"Come up here," the Speaker was saying, reaching out his long-fingered right hand; and on it was worn a wide, red-jeweled ring. "Come to the Table. Come, let us reason together!"

I know now – having had a chance to reflect, of course – where the following snippet comes from. Still, in that situation, with the limelight of the Fletcher Center before me and only the hint of the Sea from the East at my shoulder, I mistook the words that arose unbidden to my mind for my own. No one learns to speak all by himself.

"You are neither the Speaker nor Ned," I pointed out to myself; "you are yourself, with a choice to make, and one moment left in which to make it." My indecisive neighbor with the heavily knotted brows was watching me so closely at this stage that I thought his stare might actually begin to burn.

What I meant to say out loud was, "My dear Mister Speaker, I beg your pardon, but there seems to be some mistake. Since it is evidently my turn to say something, for which opportunity (however delayed) you are to be thanked, I find that there are several points regarding your presentation which require additional clarification, and they are, in my estimation, as follows," but what I actually heard myself saying was, "NO!"

" NO,
I tell you; NO to all of it! NO to your questions! NO to your bribes! And NO to your rainbow promises, when all we ever get is this damnable dripping down our noses, and no end to any cloud in sight!"

And then, to Ned: "Come on; we're getting out of here!"

And I rose and began to push my way out, tripping past the thin-wristed woman looking all haggard and aghast. I had nothing to follow but the freshness of the one trail of living air, so I stumbled towards the little-used door – the one which was always locked, yet never closed. I gave no heed to the torrential tirade of expletives being spewn forth from the Speaker's mouth, either ("Who do you think you are, Peasant Stock?" he kept screaming, and "Don't you dare turn your back on me!") and I managed to evade – although there is no reasonable explanation for my being able to do so – the hands reaching out to hinder me, and the legs stretched forth to make me falter. But I believe I saw, in that turbulence of faces that moved like the foam on the sea during a storm, a not inconsiderable number of pensive countenances, and more than several nods.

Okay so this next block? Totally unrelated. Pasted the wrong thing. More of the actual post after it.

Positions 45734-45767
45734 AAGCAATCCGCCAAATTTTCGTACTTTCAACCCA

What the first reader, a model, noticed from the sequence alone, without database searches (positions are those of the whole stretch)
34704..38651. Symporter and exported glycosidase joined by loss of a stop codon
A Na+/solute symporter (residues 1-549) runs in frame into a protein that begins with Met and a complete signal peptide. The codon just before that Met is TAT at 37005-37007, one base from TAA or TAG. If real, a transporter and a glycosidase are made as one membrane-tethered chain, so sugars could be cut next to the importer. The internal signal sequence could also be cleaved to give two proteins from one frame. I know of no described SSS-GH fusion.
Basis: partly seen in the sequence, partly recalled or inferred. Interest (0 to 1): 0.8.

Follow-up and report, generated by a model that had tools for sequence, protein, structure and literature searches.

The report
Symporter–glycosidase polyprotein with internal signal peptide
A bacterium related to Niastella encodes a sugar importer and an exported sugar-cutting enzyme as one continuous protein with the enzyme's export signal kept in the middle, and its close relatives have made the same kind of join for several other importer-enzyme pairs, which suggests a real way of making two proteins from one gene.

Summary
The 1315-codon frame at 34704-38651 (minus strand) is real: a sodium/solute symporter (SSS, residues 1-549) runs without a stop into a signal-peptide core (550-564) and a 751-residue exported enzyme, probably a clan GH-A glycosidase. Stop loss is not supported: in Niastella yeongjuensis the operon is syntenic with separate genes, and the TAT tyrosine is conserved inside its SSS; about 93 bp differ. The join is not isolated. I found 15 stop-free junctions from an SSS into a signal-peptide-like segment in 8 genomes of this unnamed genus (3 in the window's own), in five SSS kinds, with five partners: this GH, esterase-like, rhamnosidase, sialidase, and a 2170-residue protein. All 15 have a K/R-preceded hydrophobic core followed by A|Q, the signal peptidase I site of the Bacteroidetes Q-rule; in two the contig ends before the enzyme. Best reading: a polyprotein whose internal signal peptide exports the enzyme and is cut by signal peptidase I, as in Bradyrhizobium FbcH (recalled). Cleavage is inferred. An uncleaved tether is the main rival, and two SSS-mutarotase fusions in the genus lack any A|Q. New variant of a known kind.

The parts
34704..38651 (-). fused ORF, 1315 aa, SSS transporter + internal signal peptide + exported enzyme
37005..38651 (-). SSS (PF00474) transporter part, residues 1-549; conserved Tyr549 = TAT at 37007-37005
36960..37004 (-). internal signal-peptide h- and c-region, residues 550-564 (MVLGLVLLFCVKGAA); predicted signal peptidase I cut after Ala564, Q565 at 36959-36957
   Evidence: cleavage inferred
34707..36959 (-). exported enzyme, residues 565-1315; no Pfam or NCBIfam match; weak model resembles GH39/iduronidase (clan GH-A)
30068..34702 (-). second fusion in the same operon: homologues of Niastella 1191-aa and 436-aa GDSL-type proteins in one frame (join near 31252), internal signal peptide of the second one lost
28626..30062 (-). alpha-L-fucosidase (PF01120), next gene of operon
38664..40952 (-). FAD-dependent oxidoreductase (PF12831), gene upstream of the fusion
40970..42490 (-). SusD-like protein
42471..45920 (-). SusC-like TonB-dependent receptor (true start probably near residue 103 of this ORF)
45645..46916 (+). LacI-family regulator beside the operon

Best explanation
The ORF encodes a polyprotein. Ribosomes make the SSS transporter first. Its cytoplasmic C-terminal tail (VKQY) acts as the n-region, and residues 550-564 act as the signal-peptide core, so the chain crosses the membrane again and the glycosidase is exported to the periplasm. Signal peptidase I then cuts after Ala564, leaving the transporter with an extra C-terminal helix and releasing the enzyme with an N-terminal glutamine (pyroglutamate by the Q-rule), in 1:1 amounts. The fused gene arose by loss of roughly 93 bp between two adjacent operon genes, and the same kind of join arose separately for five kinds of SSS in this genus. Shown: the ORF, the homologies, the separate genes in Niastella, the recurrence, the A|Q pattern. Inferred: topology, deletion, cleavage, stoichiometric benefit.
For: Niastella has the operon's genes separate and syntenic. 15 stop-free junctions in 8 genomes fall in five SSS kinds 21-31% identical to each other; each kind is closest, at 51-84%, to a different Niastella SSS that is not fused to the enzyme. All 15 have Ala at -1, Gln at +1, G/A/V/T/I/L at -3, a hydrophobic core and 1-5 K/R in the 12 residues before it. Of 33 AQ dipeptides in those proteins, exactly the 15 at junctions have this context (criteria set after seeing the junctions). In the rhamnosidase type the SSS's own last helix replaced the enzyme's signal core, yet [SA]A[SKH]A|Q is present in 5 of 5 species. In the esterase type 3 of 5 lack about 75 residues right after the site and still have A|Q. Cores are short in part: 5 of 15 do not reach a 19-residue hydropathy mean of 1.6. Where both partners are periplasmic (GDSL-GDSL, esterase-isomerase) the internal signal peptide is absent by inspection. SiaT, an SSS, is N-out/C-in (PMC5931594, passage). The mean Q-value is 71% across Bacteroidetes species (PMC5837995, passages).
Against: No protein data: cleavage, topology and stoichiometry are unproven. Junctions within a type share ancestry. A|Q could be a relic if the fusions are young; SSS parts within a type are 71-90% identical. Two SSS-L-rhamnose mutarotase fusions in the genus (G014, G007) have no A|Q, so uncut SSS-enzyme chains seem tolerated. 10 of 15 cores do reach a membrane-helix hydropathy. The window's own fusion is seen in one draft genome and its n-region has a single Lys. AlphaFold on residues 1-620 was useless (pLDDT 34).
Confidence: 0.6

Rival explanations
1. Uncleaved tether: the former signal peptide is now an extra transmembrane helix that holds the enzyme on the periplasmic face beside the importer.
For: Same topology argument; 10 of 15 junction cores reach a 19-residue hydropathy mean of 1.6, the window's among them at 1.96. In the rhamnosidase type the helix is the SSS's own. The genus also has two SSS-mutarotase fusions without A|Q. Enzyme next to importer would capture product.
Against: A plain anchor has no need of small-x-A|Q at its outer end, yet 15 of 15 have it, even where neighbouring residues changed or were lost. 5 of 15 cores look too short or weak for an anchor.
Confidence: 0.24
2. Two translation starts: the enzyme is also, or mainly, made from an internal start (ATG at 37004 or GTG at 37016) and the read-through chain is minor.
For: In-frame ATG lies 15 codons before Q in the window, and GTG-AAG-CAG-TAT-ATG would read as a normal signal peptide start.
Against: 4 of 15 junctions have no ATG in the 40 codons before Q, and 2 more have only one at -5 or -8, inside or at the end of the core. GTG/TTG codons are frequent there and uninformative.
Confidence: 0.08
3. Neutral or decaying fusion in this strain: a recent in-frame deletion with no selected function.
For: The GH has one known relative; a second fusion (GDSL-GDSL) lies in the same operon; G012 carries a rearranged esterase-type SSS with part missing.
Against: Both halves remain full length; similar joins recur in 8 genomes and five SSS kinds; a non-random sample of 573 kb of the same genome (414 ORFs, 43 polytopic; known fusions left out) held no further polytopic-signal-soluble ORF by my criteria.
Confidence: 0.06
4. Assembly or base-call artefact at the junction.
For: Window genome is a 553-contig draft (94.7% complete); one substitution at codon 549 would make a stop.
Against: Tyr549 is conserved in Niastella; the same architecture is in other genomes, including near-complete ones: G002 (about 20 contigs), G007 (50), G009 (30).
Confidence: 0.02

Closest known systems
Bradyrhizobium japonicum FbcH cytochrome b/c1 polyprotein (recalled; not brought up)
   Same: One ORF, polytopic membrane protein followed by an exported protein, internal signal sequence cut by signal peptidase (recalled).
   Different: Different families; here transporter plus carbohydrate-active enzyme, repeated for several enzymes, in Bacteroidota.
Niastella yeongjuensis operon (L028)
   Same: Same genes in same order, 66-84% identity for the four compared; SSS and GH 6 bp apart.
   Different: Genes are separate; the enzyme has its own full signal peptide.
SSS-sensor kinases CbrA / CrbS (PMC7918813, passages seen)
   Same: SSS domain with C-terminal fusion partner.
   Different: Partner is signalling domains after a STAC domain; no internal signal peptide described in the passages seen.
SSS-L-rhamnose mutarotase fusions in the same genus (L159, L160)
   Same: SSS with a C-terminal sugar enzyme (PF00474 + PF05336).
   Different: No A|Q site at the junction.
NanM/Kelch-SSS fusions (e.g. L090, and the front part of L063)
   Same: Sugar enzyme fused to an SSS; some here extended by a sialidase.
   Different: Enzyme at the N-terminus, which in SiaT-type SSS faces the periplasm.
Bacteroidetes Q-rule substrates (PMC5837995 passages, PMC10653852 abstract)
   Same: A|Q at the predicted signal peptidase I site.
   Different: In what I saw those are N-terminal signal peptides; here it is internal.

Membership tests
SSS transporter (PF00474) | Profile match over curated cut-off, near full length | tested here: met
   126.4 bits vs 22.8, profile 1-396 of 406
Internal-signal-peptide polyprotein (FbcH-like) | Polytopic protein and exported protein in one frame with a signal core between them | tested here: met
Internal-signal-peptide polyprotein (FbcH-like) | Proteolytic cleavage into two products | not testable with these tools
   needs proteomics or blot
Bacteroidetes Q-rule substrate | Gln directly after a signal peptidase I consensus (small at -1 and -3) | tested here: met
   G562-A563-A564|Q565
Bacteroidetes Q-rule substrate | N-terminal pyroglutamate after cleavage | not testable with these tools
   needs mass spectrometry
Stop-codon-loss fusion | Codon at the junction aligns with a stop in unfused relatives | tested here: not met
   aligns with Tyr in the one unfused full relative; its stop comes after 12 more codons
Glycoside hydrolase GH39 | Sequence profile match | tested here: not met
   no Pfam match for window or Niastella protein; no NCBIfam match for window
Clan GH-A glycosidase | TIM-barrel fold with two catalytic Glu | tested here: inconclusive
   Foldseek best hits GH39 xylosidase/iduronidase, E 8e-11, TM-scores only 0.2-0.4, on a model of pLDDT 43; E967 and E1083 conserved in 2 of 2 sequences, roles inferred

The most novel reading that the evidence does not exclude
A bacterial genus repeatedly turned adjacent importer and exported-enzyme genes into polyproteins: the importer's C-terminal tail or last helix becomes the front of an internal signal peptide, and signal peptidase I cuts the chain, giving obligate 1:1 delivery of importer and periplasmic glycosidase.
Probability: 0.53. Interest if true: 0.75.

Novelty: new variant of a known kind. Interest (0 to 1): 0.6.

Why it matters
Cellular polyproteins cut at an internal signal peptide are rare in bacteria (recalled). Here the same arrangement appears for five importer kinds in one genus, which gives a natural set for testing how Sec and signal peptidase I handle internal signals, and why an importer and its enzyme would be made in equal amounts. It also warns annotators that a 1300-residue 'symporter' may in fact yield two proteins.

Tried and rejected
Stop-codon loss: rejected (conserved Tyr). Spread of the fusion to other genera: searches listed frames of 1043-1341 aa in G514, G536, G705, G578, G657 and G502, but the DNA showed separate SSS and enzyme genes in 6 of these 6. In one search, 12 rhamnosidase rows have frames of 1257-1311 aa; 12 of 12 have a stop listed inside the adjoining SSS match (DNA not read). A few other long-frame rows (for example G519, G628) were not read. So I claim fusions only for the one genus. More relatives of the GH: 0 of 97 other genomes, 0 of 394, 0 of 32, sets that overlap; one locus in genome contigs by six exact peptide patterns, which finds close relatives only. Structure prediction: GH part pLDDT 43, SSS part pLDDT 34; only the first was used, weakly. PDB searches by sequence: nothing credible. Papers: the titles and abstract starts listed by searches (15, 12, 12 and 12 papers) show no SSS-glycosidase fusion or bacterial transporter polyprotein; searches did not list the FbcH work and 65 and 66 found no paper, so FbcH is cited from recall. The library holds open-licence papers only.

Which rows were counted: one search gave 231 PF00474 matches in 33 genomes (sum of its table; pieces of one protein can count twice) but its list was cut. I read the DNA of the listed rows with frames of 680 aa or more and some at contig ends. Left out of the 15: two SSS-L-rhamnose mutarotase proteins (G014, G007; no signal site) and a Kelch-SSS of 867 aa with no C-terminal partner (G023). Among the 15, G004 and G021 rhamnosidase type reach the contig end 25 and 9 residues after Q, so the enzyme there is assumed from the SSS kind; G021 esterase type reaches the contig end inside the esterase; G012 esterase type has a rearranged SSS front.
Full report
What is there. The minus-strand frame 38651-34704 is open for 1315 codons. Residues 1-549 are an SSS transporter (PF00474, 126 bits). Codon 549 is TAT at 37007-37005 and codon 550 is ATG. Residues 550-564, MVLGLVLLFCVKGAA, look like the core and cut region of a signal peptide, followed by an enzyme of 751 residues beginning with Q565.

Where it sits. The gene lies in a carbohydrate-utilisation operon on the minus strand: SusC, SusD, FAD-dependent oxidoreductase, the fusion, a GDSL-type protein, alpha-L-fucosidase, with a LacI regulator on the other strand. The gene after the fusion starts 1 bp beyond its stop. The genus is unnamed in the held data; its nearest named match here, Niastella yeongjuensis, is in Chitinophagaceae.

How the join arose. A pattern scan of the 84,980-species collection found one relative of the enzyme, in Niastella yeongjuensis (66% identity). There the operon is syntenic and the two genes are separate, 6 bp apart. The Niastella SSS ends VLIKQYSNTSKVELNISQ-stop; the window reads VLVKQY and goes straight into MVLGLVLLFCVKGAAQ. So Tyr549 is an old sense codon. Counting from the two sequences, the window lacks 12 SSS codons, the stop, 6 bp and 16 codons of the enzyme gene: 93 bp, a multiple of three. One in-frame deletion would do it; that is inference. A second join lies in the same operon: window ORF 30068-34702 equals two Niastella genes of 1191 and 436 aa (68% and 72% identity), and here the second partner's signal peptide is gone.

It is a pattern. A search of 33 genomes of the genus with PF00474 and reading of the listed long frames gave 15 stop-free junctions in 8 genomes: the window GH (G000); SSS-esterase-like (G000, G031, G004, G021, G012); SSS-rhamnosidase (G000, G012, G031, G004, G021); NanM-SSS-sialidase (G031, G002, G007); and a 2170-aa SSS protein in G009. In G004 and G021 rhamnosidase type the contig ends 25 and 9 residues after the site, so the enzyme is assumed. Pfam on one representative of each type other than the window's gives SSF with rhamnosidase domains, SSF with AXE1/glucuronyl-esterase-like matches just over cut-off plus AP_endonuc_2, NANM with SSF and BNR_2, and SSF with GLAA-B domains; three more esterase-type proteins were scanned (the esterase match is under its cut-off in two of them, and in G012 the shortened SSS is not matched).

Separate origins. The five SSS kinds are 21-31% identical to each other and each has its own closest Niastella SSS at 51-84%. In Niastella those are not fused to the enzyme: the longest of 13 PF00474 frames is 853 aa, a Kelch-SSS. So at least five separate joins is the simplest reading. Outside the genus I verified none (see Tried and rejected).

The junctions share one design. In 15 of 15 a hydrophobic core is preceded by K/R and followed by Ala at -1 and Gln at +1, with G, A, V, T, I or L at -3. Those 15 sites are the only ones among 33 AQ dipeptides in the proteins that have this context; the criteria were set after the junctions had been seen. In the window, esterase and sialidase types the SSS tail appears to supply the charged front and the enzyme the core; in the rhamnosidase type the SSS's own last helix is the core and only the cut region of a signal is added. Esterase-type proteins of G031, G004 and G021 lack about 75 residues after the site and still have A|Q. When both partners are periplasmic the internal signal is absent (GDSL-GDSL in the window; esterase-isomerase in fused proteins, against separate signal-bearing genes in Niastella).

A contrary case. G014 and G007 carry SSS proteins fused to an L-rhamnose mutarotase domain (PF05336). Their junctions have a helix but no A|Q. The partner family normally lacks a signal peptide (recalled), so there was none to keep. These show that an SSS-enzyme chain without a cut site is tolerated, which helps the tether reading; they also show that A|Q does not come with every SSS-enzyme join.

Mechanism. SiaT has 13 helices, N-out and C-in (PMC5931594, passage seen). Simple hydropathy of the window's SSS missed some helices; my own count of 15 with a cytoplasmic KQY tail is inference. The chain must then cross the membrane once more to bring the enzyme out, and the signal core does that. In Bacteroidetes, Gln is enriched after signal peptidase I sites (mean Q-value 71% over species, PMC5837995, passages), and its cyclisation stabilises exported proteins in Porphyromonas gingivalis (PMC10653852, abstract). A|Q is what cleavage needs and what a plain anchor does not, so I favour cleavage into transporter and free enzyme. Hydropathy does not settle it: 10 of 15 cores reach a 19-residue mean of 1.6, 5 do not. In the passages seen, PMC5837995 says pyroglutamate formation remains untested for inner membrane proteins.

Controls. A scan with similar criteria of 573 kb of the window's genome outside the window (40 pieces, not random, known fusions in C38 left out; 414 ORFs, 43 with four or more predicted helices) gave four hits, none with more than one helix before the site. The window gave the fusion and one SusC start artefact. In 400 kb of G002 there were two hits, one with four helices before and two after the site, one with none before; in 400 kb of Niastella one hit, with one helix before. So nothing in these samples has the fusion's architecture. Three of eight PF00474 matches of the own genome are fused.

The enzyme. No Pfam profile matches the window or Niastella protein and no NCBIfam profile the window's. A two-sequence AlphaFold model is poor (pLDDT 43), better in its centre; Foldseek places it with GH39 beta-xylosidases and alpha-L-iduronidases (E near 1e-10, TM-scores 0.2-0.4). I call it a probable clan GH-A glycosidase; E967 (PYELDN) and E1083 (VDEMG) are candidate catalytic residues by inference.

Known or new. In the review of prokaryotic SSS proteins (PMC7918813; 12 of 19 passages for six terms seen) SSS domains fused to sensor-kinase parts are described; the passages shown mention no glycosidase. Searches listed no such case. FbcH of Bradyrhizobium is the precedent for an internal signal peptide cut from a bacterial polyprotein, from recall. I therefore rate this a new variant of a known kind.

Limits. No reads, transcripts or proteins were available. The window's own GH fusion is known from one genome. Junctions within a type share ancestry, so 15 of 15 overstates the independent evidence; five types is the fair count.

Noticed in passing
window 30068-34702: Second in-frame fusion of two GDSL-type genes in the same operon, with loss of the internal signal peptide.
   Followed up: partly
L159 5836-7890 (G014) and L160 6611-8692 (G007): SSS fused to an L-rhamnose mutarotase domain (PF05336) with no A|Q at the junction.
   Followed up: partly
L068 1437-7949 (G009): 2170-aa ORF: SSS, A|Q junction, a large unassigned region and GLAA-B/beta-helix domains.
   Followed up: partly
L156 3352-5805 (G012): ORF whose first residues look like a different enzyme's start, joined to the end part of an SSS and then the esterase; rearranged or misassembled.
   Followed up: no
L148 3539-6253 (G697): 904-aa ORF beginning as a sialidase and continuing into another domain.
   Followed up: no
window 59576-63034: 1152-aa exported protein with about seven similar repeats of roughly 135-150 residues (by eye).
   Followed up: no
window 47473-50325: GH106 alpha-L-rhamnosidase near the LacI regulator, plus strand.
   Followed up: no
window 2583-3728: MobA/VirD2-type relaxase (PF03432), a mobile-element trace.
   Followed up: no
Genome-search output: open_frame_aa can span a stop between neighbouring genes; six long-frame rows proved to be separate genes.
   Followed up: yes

I knew I couldn't look back to find out whether my only friend was actually following me, and I didn't even try. I only staggered on, although the aperture I was trying to reach looked further away and tinier with every step gained, and the very air seemed to seize up inside my lungs. Who will say when the salt scent transformed itself into the plunging of white-crested waves, above which my drenched head suddenly emerged in triumph? All I know is that I did make it through in the end.

And there I treaded water, drawing in one great, irrevocable breath, and trying to get a good look around. Besides the muted crashing of the briny water against a far shore which I could intermittently descry but which I also realized I would never have the strength to reach, there was nothing to be heard but the crying of a the gulls.